Veterinarians at Rood and Riddle Equine Hospital answer your questions about sales and healthcare of Thoroughbred auction yearlings, weanlings, 2-year-olds and breeding stock.
Question: What, if any, special considerations should owners have for wintertime hoof care?
Dr. Craig Lesser, Rood and Riddle Equine Hospital: Winter in Kentucky, aka mud season, can have some challenges when it comes to your horse’s feet. Feet tend to start growing slower and are often saturated in mud without a chance to dry out. This can result in a variety of issues that you should keep an eye out for.
White line disease is a mixed anaerobic bacterial infection that occurs within the hoof wall. Mild infections can be picked up by your farrier and can be treated without much change in your horse’s work. However. in more severe cases radiographs and large resections may be necessary to open the infected area up to oxygen and allow for debridement and treatment of the infection.
Bruises and subsolar abscesses are also very common in the winter due to the changes in weather and temperature. The hard to soft ground can soften feet and make them more prone to concussion-related injuries, and this constant swelling and contracting can open areas for infections to fester. Horses with abscesses present acutely lame and once drainage is established, they return to soundness quickly. However, it is very important to protect the abscess tract from filling back up with mud or your horse may re-abscess.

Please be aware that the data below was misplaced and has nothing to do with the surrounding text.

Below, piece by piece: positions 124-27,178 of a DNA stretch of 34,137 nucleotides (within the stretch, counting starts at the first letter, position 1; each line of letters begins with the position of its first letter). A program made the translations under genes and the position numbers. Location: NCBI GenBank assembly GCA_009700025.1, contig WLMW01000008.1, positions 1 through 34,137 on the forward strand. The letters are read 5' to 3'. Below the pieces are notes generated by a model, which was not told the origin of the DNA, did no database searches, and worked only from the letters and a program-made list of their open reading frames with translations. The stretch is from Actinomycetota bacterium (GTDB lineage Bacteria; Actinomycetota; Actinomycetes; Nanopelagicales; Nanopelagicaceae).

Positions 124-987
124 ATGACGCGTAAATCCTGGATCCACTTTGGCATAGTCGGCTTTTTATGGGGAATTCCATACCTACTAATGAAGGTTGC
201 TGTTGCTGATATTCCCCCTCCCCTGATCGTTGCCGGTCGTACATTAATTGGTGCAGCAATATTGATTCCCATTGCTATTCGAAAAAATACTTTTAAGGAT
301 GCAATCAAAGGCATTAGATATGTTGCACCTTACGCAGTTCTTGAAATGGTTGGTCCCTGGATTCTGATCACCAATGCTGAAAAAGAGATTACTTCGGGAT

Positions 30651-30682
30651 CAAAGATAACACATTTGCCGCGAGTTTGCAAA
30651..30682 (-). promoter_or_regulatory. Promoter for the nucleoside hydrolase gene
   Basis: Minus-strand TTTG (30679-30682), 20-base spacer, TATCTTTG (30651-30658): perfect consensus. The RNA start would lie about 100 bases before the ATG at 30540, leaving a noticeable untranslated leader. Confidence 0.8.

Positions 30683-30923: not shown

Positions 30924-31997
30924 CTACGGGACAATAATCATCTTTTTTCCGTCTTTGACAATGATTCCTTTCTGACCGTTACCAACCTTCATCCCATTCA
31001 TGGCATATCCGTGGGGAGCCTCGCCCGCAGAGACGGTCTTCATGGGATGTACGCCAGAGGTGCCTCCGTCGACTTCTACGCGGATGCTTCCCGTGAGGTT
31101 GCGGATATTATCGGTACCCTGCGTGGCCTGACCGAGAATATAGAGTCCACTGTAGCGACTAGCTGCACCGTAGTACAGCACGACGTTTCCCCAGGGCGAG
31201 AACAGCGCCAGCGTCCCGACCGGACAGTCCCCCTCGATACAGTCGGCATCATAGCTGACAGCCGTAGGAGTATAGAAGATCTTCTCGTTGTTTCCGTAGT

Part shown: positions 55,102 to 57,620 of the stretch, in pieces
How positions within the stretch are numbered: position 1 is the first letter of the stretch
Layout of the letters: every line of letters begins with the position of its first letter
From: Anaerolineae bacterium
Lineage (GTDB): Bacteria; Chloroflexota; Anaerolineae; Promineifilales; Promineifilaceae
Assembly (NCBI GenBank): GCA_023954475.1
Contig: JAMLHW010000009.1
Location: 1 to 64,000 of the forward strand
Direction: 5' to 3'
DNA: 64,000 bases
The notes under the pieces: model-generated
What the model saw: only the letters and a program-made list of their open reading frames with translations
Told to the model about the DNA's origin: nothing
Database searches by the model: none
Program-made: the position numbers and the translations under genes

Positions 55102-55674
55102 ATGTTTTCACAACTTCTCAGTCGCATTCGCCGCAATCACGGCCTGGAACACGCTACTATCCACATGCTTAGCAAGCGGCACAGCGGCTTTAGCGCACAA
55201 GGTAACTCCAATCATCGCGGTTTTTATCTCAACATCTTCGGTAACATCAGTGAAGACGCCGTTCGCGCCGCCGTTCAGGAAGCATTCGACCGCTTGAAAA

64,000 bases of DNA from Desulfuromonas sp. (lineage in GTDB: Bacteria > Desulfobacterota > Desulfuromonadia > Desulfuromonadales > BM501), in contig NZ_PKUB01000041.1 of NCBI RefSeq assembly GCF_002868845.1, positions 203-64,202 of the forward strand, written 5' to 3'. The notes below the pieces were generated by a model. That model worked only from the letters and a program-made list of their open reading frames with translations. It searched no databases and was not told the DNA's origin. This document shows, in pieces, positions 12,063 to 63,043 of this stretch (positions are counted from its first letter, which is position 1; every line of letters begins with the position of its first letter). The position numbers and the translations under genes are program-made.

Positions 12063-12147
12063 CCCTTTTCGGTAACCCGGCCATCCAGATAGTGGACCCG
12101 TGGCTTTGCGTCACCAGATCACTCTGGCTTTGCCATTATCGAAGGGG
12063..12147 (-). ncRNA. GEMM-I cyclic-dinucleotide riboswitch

Retracted soles are often a problem with thin-soled feet. They result when mud builds up in the sole and eventually builds enough pressure to force the cornified sole up into the soft tissue structures of the sole of the foot. This can lead to seroma or abscess formation and if not treated properly they often lead to severe complications.
While we don’t usually get much snow in Kentucky, horses in more northern regions can have issues with snow and ice building up in their shoes. The formation of large balls of ice on the bottom of a horse’s foot can make it difficult for horses to walk. Many farriers will add snow pads to help with this, but nothing is as helpful as ensuring you pick out your horse’s feet daily.
Horses with softened feet that are turned out in the mud are also more prone to losing shoes. An increase in the number of lost shoes as well as the decreased growth can make a farrier’s job more difficult this time of year.
It is vital that you check your horse’s feet daily and make sure to pick them out so they have a chance to dry and recover. If not, it could lead to some much scarier conditions such as canker, septic pedal osteitis, or even quittor.
Dr. Craig Lesser, CF graduated from Colorado State University College of Veterinary Medicine in 2015. Following the completion of an internship at Anoka Equine, he moved to Lexington to complete a podiatry fellowship at RREH and has continued there as an associate. As an extension of podiatry, Dr. Lesser has an interest in lameness and imaging.